with a progressive increased incidence with level of excellence

# (he observed bias of

selecting the oldest players within age0banded groups suggests a maturational influence as previous studies focusing on maturity status reported that elite youth football players were physically more mature than the normal population
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, and that early maturers were more

represented in the selected teams than normal or late maturers :# (his trend is mostly remarkable between 67 to 6! years old when the differences in maturity status are amplified by the timing and tempo of adolescent growth spurts
:, ;, 60, 67

# Whilst differences in age of less <reater si2e, speed,

than 62 months have little relevance on adult physi%ues, they can have ma$or significance in adolescents undergoing rapid rates of growth and development# strength and power may afford a competitive advantage to players who are older or more advanced in maturity status# =layers who are born early in the selection year often have the advantage of being physically more developed, faster, more agile and have greater longevity in their sport
;, 62, 6!, 6>

# .s a result, they may be more successful than their younger


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counterparts, resulting in greater motivation and commitment# ?ounger and less mature players may be regarded as less talented during the selection process because of low perceived competence and lack of success
:, >, 6!

or drop out

# (herefore maturity may

play a crucial role in the coaches) view on youth players) potential# @owever, the physical advantages afforded by age and advanced maturity status during adolescence are largely transient and are reduced or reversed in young adulthood 7# (here is the risk that players who are e%ually talented but physically less mature at younger ages may be dismissed on the basis of their physical characteristics and not on their adult potential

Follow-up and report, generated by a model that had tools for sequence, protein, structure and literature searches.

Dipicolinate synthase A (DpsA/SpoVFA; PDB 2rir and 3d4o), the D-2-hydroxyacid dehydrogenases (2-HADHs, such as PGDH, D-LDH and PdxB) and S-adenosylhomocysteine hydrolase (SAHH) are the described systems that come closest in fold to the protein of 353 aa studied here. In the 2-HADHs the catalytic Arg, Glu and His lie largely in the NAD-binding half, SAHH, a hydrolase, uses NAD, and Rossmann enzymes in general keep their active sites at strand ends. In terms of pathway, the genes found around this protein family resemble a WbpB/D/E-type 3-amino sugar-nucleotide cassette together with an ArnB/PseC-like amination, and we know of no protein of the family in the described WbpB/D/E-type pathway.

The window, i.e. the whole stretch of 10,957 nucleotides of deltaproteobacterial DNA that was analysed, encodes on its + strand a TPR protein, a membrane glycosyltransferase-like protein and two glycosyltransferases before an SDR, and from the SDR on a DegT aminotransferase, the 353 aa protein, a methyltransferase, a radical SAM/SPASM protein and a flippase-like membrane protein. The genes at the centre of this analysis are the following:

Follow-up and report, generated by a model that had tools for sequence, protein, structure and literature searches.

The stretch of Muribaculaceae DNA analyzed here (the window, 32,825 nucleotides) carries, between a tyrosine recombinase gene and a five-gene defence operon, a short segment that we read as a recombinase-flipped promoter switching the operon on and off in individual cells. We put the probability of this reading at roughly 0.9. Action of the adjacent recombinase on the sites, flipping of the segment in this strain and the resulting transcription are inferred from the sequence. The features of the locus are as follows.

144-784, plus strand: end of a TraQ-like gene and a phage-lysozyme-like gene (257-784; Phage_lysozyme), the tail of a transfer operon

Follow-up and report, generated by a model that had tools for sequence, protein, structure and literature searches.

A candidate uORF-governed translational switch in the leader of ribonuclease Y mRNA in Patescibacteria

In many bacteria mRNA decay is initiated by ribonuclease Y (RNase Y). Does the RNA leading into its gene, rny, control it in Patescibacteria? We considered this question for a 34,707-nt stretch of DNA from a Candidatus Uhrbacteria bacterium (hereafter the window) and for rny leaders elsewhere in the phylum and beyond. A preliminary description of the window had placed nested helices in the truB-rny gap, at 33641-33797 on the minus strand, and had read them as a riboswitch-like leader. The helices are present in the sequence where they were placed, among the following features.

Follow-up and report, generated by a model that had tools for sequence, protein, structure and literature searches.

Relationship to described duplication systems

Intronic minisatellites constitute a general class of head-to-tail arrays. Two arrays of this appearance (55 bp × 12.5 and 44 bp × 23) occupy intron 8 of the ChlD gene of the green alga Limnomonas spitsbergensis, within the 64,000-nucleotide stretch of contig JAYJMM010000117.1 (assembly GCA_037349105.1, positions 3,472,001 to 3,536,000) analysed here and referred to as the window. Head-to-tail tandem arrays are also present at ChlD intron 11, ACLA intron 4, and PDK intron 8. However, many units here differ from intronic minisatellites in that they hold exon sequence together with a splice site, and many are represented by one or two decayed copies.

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# An the other

hand, players identified as being the most talented during adolescence may fail to meet adult expectations as their late0maturing peers who persist in the sport catch0up in si2e, speed, strength and power# /onsidering the maturity0associated variation in youth regarding physiological and physical components used to determine sport performance, it is clear that biological maturity should be considered in the evaluation of performance capacity more so than chronological age 2# (hose involved in the identification and developments of gifted football players need to be aware of the contributions of growth and maturation as such to the functional and skill demands of football# The *ole of #port #ciences as a #upport to !oaches" Interpretation of Talent 8esearch has demonstrated that the most successful method is to adopt a multidisciplinary approach to identifying talent
6:, 20

# (he complexity of talent and the methodological problems

associated with its identification preclude the use of a mono0disciplinary approach# . 5

comprehensive battery of physical, physiological, psychological and sociological measures must be used# Figure 2 provides a general overview of the different factors to consider in a football talent identification process#